Etymology

{{see also|Tunis#Etymology|label 1=Etymology of Tunis}}The word Tunisia is derived from Tunis; a central urban hub and the capital of modern-day Tunisia. The present form of the name, with its Latinate suffix {{nowrap|-ia}}, evolved from French .,BOOK, Room, Adrian, Placenames of the World: Origins and Meanings of the Names for 6,600 Countries, Cities, Territories, Natural Features, and Historic Sites, McFarland, 2006, 385, 0-7864-2248-3, in turn generally associated with the Berber root ⵜⵏⵙ, transcribed , which means "to lay down" or "encampment".BOOK, Peter M., Rossi, Wayne Edward, White, Articles on the Middle East, 1947–1971: A Cumulation of the Bibliographies from the Middle East Journal, Pierian Press, University of Michigan, 1980, 132, It is sometimes also associated with the Punic goddess Tanith (aka Tunit),BOOK, Taylor, Isaac, Names and Their Histories: A Handbook of Historical Geography and Topographical Nomenclature, BiblioBazaar, LLC, 2008, 281, 0-559-29668-1, ancient city of Tynes.BOOK, Houtsma, Martijn Theodoor, E.J. Brill's First Encyclopaedia of Islam, 1913–1936, Brill, 1987, 838, 90-04-08265-4, BOOK, Hannibal's War: Books Twenty-one to Thirty, Oxford University Press, 2006, 705, 0-19-283159-3, Livy, John Yardley, Hoyos, Dexter, yes, and others associated with the word "" (different from ) in Arabic which is a verb that means to socialize and to be friendly.The French derivative was adopted in some European languages with slight modifications, introducing a distinctive name to designate the country. Other languages remained untouched, such as the Russian ({{transl|ru|Tunís}}) and Spanish . In this case, the same name is used for both country and city, as with the Arabic , and only by context can one tell the difference.Before Tunisia, the territory's name was Ifriqiya or Africa, which gave the present day name of the continent Africa.

History

Antiquity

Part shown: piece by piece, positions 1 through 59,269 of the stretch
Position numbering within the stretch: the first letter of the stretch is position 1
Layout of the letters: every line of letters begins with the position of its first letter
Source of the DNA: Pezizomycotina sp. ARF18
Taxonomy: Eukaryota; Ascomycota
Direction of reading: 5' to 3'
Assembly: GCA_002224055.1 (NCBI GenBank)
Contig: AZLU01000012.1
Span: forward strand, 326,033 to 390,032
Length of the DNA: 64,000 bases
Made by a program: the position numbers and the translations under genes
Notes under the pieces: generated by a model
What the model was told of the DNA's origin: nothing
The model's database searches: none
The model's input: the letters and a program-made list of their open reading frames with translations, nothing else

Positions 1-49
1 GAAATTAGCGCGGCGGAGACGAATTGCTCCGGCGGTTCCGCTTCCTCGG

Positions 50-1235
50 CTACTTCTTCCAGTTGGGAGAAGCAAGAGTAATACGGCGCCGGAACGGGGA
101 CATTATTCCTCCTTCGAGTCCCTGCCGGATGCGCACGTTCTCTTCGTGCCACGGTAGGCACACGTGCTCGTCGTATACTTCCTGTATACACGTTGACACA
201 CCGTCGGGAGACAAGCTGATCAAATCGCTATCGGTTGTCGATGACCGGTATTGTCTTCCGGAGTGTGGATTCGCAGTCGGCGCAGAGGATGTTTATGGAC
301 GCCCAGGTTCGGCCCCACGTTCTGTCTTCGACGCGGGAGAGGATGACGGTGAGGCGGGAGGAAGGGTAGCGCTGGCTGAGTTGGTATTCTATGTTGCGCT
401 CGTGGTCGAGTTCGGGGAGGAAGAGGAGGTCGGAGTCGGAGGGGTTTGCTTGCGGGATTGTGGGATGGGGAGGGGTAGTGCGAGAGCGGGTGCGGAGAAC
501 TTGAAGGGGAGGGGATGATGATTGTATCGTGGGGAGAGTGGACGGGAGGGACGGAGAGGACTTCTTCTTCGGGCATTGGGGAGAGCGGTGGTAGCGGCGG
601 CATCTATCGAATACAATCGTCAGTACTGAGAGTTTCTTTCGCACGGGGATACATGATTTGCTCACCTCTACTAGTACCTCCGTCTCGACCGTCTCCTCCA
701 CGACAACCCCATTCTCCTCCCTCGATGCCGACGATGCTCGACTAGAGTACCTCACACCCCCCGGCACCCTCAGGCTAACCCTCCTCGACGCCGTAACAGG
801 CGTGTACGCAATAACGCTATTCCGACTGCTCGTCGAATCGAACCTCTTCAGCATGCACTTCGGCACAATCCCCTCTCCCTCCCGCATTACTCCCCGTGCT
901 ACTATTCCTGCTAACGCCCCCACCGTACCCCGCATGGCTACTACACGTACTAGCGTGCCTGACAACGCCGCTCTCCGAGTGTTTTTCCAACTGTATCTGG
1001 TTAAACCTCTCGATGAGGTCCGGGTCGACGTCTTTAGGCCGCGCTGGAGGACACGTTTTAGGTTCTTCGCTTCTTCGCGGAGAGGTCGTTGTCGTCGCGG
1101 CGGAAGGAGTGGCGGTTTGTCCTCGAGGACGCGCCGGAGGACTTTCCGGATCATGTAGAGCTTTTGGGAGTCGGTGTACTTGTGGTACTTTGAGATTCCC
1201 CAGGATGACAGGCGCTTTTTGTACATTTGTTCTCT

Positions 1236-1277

File:Dougga Thugga-130240.jpg|thumb|left|Ruins of Dougga's World Heritage SiteWorld Heritage SiteFarming methods reached the Nile Valley from the Fertile Crescent region about 5000 BC, and spread to the Maghreb by about 4000 BC. Agricultural communities in the humid coastal plains of central Tunisia then were ancestors of today's Berber tribes.It was believed in ancient times that Africa was originally populated by Gaetulians and Libyans, both nomadic peoples. According to the Roman historian Sallust, the demigod Hercules died in Spain and his polyglot eastern army was left to settle the land, with some migrating to Africa. Persians went to the West and intermarried with the Gaetulians and became the Numidians. The Medes settled and were known as Mauri, later Moors.Banjamin Isaac, The Invention of Racism in Classical Antiquity, Princeton University Press, 2013 p.147File:CarthageMap.png|thumb|Carthaginian-held territory before the first First Punic War]]The Numidians and Moors belonged to the race from which the Berbers are descended. The translated meaning of Numidian is Nomad and indeed the people were semi-nomadic until the reign of Masinissa of the Massyli tribe.WEB,weblinkweblink" title="web.archive.org/web/20120331154523weblink">weblink yes, 31 March 2012, Carthage and the Numidians, Hannibalbarca.webspace.virginmedia.com, 28 October 2011, WEB,weblink LookLex / Tunisia / Dougga / Numidian Wall, Looklex.com, 28 October 2011, WEB,weblink Numidians (DBA II/40) and Moors (DBA II/57), Fanaticus.org, 12 December 2001, 28 October 2011, yes,weblink" title="web.archive.org/web/20110927024947weblink">weblink 27 September 2011, dmy-all, WEB,weblink LookLex / Tunisia / Chemtou / Numidian Altar & Roman Temple, Looklex.com, 28 October 2011, WEB,weblink Numidia (ancient region, Africa), Britannica Online Encyclopedia, 28 October 2011, At the beginning of recorded history, Tunisia was inhabited by Berber tribes. Its coast was settled by Phoenicians starting as early as the 12th century BC (Bizerte, Utica). The city of Carthage was founded in the 9th century BC by Phoenicians. Legend says that Dido from Tyre, now in modern-day Lebanon, founded the city in 814 BC, as retold by the Greek writer Timaeus of Tauromenium. The settlers of Carthage brought their culture and religion from the Phoenicians.WEB,weblink The City of Carthage: From Dido to the Arab Conquest, PDF, 8 January 2013, After the series of wars with Greek city-states of Sicily in the 5th century BC, Carthage rose to power and eventually became the dominant civilization in the Western Mediterranean. The people of Carthage worshipped a pantheon of Middle Eastern gods including Baal and Tanit. Tanit's symbol, a simple female figure with extended arms and long dress, is a popular icon found in ancient sites. The founders of Carthage also established a Tophet, which was altered in Roman times.A Carthaginian invasion of Italy led by Hannibal during the Second Punic War, one of a series of wars with Rome, nearly crippled the rise of Roman power. From the conclusion of the Second Punic War in 202 BC, Carthage functioned as a client state of the Roman Republic for another 50 yearsweblink accessed 23/07/2017Following the Battle of Carthage in 149 BC, Carthage was conquered by Rome. After the Roman conquest, the region became one of the main granaries of Rome and was fully Latinized.WEB,weblink History of Tunisia – Lonely Planet Travel Information, Planet, Lonely, www.lonelyplanet.com, en, 2017-07-07, File:Archaeological Site of Carthage-130238.jpg|thumb|Ruins of CarthageCarthageDuring the Roman period, the area of what is now Tunisia enjoyed a huge development. The economy, mainly during the Empire, boomed: the prosperity of the area depended on agriculture. Called the Granary of the Empire, the area of actual Tunisia and coastal Tripolitania, according to one estimate, produced one million tons of cereals each year, one-quarter of which was exported to the Empire. Additional crops included beans, figs, grapes, and other fruits.By the 2nd century, olive oil rivaled cereals as an export item. In addition to the cultivations and the capture and transporting of exotic wild animals from the western mountains, the principal production and exports included the textiles, marble, wine, timber, livestock, pottery such as African Red Slip, and wool.File:Amphitheatre El Jem(js)1.jpg|thumb|The Roman amphitheater in El DjemEl DjemThere was even a huge production of mosaics and ceramics, exported mainly to Italy, in the central area of El Djem (where there was the second biggest amphitheater in the Roman Empire).Berber bishop Donatus Magnus was the founder of a Christian group known as the Donatists.ENCYCLOPEDIA,weblink Donatist, Encyclopædia Britannica, During the 5th and 6th centuries (from 430 to 533 AD), the Germanic Vandals invaded and ruled over a kingdom in North Africa that included present-day Tripoli. The region was easily reconquered in 533–534 AD, during the rule of Emperor Justinian I, by the Eastern Romans led by General Belisarius.John Bagnell Bury, History of the Later Roman Empire from the Death of Theodosius I. to the Death of Justinian, Part 2, Courier Corporation, 1958 pp.124–148